Against the Current, No. 200, May/June 2019
ATC Turns 200 (issues)
— The Editors
- Massacre in Christchurch
Making the Green New Deal Real
— Dianne Feeley
The Fight Over Ilhan Omar
— David Finkel
A View from Lebanon
— Julia Kassem
Canada as an Extractive State
— an interview with Todd Gordon
- Background on the Boycott
Brazil: Trump Ally Celebrates Coup
— Eric Toussaint
Jasic Struggle: Debate Among Chinese Maoists
— Qian Ben-li
- Sexual Harassment and #MeToo in China
Behind the Economic Turbulence
— Suzi Weissman interviews Robert Brenner
On Rosa Luxemburg and Her Murder
— Jason Schulman
"The Beginning" (an excerpt)
— Rosa Luxemburg
Chronicle of Germany 1918-19
— William Smaldone
- Teacher Upsurge
View of the Oakland Teachers' Strike
— Jack Gerson
Evaluating the Oakland Teachers' Strike
— Tim Marshall
The Fate of the Pink Tide
— Samuel Farber
Why No Labor Party Here?
— Meredith Schafer
The Kent State Story
— Rick Feinberg
Infinite Use of Finite Means
— Matthew Garrett
When in Doubt, Sit Down!
— Martin Oppenheimer
- Review Essay
Ethics and the Conflicts of Modernity
— Joe Stapleton
FIFTY-FIVE YEARS after the overthrow of democratically elected President Joao Goulart, the new far-right President, Jair Bolsonaro has announced a celebration of the 1964 military coup.
There can be no doubt about the active support provided by the U.S. government, the World Bank and the International Monetary Fund. On 2 April 2014, a U.S. NGO, the National Security Archive publicized an impressive amount of declassified official documents that testify to Washington aiding and abetting the Brazilian army officers who had overthrown Joao Goulart’s democratic government (see https://bit.ly/1k2qGgc).
President Goulart’s government was overthrown by the military in April 1964. World Bank and IMF loans, suspended for three years,resumed very soon afterwards.
A brief time line: in 1958, Brazilian president Kubitschek was about to undertake negotiations with the IMF to gain access to a loan of $300 million from the United States. At the end, Kubitschek refused the IMF-imposed conditions and did without the U.S. loan. This earned him wide popularity.
His successor, Goulart, announced that he would implement a radical land reform program and proceed to nationalize petroleum refineries. He was overthrown by the military. The United States recognized the new military regime one day after the coup.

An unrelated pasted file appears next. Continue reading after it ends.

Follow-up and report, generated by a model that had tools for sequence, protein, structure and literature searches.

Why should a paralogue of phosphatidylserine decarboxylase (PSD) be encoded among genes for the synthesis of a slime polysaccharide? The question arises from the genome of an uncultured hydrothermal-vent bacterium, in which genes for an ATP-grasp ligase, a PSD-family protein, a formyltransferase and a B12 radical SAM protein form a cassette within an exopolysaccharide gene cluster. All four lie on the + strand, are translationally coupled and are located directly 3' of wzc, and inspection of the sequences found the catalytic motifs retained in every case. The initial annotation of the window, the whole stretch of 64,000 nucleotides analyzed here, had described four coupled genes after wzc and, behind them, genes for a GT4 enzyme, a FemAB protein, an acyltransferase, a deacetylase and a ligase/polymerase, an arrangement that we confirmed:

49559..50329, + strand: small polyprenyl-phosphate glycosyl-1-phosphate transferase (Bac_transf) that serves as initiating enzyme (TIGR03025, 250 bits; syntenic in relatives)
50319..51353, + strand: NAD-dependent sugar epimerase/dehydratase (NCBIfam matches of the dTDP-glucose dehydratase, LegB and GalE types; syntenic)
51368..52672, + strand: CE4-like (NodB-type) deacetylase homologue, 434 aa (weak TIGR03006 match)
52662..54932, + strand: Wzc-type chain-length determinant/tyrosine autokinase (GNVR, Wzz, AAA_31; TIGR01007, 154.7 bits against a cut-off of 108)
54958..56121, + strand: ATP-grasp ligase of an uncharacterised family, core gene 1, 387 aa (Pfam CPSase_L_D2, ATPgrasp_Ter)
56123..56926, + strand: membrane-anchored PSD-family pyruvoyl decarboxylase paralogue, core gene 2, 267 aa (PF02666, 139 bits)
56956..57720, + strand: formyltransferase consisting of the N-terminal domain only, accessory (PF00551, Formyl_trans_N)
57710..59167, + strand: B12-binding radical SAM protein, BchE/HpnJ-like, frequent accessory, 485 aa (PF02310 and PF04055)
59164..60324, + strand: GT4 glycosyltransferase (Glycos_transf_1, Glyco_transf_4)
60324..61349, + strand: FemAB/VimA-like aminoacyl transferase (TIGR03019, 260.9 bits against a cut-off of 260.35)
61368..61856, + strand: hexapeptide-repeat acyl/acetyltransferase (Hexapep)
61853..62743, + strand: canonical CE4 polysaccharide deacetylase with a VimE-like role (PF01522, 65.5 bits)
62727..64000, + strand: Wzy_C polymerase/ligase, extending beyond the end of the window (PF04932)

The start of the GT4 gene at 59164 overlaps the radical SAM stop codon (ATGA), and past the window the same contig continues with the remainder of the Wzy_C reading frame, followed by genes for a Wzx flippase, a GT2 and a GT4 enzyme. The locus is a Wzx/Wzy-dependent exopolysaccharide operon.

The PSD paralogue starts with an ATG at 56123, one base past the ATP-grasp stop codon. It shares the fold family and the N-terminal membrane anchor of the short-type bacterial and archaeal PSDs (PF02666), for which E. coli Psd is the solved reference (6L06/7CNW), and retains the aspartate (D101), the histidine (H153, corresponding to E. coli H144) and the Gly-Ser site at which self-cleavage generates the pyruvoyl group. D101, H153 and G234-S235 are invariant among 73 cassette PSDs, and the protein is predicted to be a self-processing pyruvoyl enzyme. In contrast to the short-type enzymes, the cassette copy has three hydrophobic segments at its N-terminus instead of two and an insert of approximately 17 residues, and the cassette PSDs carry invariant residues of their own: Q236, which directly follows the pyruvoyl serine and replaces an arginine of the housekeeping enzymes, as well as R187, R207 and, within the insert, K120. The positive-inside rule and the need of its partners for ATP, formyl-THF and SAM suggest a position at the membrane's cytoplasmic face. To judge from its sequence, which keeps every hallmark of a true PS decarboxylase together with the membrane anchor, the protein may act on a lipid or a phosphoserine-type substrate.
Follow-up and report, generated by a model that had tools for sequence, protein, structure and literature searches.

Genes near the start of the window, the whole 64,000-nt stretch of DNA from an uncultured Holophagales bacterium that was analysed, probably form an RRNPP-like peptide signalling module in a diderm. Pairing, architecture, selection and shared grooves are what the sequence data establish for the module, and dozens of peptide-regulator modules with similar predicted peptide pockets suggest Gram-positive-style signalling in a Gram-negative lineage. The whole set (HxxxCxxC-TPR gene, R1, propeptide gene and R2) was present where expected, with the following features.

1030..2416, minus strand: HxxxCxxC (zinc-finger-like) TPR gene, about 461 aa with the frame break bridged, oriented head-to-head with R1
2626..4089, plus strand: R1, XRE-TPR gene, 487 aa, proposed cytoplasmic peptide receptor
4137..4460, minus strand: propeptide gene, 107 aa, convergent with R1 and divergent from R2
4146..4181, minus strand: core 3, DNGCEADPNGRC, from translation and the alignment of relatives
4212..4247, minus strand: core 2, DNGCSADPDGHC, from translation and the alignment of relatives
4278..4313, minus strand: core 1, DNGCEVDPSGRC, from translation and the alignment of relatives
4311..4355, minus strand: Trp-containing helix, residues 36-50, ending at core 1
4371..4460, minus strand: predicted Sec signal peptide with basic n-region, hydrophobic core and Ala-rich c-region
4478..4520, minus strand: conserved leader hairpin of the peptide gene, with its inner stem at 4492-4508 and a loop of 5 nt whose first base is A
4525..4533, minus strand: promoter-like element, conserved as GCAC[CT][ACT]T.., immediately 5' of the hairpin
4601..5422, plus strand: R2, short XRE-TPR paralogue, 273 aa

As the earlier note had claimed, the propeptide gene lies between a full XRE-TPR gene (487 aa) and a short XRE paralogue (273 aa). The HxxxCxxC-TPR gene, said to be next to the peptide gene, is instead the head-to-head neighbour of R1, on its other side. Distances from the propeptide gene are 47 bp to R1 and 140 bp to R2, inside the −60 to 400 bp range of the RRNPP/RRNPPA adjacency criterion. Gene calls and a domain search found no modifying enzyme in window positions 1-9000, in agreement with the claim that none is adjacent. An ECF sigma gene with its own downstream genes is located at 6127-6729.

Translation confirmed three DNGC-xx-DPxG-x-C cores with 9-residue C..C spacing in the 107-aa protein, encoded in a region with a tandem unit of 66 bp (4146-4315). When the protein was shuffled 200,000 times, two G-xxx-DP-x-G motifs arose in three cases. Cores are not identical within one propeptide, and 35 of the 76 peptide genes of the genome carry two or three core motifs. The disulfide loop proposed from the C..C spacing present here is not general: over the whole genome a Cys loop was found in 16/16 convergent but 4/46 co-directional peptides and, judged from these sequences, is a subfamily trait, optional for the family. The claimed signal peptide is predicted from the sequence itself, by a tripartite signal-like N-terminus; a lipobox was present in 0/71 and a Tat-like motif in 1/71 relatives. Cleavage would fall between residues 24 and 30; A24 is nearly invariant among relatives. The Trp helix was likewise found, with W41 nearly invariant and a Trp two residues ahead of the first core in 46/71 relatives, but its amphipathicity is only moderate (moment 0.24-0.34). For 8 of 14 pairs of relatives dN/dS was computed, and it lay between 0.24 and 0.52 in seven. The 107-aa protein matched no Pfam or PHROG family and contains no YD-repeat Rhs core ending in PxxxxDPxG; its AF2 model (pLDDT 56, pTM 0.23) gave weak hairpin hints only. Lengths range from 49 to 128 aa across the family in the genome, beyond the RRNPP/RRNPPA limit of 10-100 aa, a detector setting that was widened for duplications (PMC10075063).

Not long afterwards, the World Bank and IMF resumed their lending policy. As for the military, they rescinded the economic measures the United States and IMF had criticized. International financial institutions were of the view that the military regime was taking sound economic measures.
The regime organized harsh repression, outlawed strikes, caused a dramatic drop in real wages, and eliminated direct ballot voting, disbanded trade unions and made systematic use of torture.
The public reports of the World Bank systematically praised the policies of the dictatorship. Nevertheless, inside the World Bank the discussions took a bitter turn.
When Bernard Chadenet, Vice-President of Projects declared that the bank’s image would degrade following the support to the repressive government of Brazil, U.S. Secretary of Defense Robert McNamarar recognized that there was a tremendous amount of repression — but added that it “is not necessarily a great deal different from what it had been under previous governments, and did not seem to be a lot worse than in some other member countries of the WB. Is Brazil worse than Thailand?”
Some days later McNamara followed up: “No viable alternative to the Government by generals seemed open.”
The IMF and World Bank did not hesitate to support dictatorships when they (and other major capitalist powers) found it opportune. The author of the World Report on Human Development says so in black and white: “But rhetoric is running far ahead of reality, as a companrison of the per capita ODA (official development assistance) received by democratic and authoritarian regimes shows. Indeed, for the United States [aid given] in the 1980s, the relationship between aid and human rights has been perverse….”
May-June 2019, ATC 200